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How To Master Dressage by Embracing Your Mistakes

master dressage and embrace your mistakes

All dressage riders, even the best in the world, have had moments when they felt so in awe of another combination that they simply had to try to emulate them. You’ve been there, right?

But then you also know that feeling of total ineptitude when, try as you might, you simply can’t achieve the simplest thing with your own horse.

There’s no doubt that dressage is incredibly challenging, and it can be unbelievably difficult to get your head around how to persuade your body to do even the simplest things. Add to that the puzzle of how to get your horse to understand and perform the movements that you want him to, and it’s easy to see how quickly you can become disillusioned.

In this article, we try to untangle the mystery of how you can master the sport you love while learning to love your mistakes.

How to master dressage

Unfortunately, you can’t master dressage just by reading books, watching videos of the world’s greatest riders, or attending endless clinics. If only it was that easy!

Only once you learn how to “feel” what your horse is doing underneath you can you hope to move forward and accomplish more, and that takes practice.

That said, you do need to take a multi-faceted approach to learn about dressage. So, watch videos, read books by the experts, and go to events to watch the top riders competing, as well as having lessons.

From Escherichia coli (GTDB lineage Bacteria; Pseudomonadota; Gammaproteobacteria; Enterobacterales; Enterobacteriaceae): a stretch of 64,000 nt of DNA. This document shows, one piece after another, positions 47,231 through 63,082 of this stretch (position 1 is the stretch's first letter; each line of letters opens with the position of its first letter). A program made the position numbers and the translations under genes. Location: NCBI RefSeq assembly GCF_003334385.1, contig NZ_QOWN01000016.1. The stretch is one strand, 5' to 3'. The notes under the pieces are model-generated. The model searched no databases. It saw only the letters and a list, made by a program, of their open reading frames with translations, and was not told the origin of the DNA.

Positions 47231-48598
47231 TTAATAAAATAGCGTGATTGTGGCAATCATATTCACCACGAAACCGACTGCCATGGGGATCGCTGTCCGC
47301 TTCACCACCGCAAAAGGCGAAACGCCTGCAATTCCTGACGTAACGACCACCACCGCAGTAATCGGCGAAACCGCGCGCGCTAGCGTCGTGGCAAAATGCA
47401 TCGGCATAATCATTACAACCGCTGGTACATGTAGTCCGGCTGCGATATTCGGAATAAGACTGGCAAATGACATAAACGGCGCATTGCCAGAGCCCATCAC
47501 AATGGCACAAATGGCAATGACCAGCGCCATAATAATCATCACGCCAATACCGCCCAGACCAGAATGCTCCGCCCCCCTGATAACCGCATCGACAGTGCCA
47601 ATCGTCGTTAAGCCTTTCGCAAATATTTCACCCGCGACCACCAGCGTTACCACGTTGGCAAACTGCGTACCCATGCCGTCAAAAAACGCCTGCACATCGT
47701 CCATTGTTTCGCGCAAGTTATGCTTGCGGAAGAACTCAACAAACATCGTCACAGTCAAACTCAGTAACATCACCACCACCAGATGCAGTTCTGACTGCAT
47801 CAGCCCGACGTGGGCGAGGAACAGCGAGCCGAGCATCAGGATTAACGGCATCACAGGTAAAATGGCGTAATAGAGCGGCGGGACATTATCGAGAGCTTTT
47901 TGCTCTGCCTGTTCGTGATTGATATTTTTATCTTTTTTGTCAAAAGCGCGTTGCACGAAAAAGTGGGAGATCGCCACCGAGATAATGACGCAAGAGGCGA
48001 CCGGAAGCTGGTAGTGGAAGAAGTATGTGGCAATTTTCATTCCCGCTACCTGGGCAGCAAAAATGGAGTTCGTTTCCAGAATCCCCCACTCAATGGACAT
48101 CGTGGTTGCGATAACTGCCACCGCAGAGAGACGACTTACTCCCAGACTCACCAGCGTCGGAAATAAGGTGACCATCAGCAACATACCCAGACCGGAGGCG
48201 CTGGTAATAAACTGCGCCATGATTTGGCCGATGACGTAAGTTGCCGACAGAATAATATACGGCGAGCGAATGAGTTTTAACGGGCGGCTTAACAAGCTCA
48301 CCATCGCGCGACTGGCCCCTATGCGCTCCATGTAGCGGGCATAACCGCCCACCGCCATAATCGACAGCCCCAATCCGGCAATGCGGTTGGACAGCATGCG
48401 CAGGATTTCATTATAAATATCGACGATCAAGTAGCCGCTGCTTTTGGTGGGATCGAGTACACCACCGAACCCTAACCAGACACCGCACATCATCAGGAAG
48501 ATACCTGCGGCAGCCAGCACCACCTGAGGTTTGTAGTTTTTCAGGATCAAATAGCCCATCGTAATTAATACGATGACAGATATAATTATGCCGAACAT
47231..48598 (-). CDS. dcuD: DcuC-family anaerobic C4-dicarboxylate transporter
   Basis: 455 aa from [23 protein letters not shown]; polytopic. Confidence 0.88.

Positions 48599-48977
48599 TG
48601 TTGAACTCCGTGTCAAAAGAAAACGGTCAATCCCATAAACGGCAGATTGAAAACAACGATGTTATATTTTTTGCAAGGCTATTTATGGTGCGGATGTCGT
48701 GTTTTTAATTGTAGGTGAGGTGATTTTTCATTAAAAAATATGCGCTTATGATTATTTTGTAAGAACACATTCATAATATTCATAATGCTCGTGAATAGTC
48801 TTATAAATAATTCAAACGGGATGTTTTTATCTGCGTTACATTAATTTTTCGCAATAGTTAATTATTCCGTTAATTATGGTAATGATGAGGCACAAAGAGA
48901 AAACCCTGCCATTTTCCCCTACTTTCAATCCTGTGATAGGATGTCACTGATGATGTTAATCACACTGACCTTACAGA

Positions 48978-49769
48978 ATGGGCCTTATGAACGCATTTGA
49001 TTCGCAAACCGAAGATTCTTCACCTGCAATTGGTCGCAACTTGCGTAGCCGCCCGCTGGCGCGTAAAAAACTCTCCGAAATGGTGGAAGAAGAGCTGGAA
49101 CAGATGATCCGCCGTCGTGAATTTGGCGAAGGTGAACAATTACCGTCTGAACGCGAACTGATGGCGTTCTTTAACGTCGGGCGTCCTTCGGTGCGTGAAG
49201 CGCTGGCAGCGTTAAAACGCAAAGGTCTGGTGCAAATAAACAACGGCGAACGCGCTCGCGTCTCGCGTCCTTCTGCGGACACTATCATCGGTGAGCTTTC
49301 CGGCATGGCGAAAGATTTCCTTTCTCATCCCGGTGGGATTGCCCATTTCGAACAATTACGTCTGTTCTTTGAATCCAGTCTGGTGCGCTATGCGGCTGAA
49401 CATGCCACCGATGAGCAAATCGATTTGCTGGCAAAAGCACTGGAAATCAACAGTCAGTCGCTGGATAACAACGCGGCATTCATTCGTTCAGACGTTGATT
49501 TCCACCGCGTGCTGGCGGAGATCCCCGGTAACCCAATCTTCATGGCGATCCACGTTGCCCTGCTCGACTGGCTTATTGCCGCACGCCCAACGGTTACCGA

Learning to embrace your mistakes

The key to mastering dressage is learning how to embrace your mistakes, keep calm, and carry on.

To tackle that tricky learning and coping process, you need to understand a psychological model known as “The Four Stages of Competence.”

The Four Stages of Competence

Developed in the 1970s by Noel Burch, The Four Stages of Competence can be applied to learning any new skill, including dressage.

The stages are:

  1. Unconscious incompetence
  2. Conscious incompetence
  3. Conscious competence
  4. Unconscious competence

To master dressage or any other sport for that matter, you must work through each of the four stages. Rather like the dressage Scales of Training, the stages of competence are intrinsically linked; you can’t bypass one and expect to be successful in the end.

Let’s take a look at them individually.

Stage 1 – Unconscious Incompetence

This stage essentially translates as “you don’t know what you don’t know.”

For example, as a child, you might have learned to ride at your local riding school. You know how to make the horse stop and go, you can stay on board at all three paces, and you know how to make changes of direction. Essentially, you’re a competent happy hacker.

Then you got interested in dressage. You can see that the horses carry themselves in a different outline, move sideways as if by magic, and perform some pretty fancy footwork. But you have no notion of why the horse is asked to work in that way or how to do it.

Stage 2 – Conscious Incompetence

So, now you’ve reached the second of the four stages, conscious incompetence.

At this stage, you know what you want to achieve, but you still can’t do it. That’s incredibly frustrating! You know that the horse needs to work in a round outline, but you have no clue how to persuade the horse to do that or why you would want him to.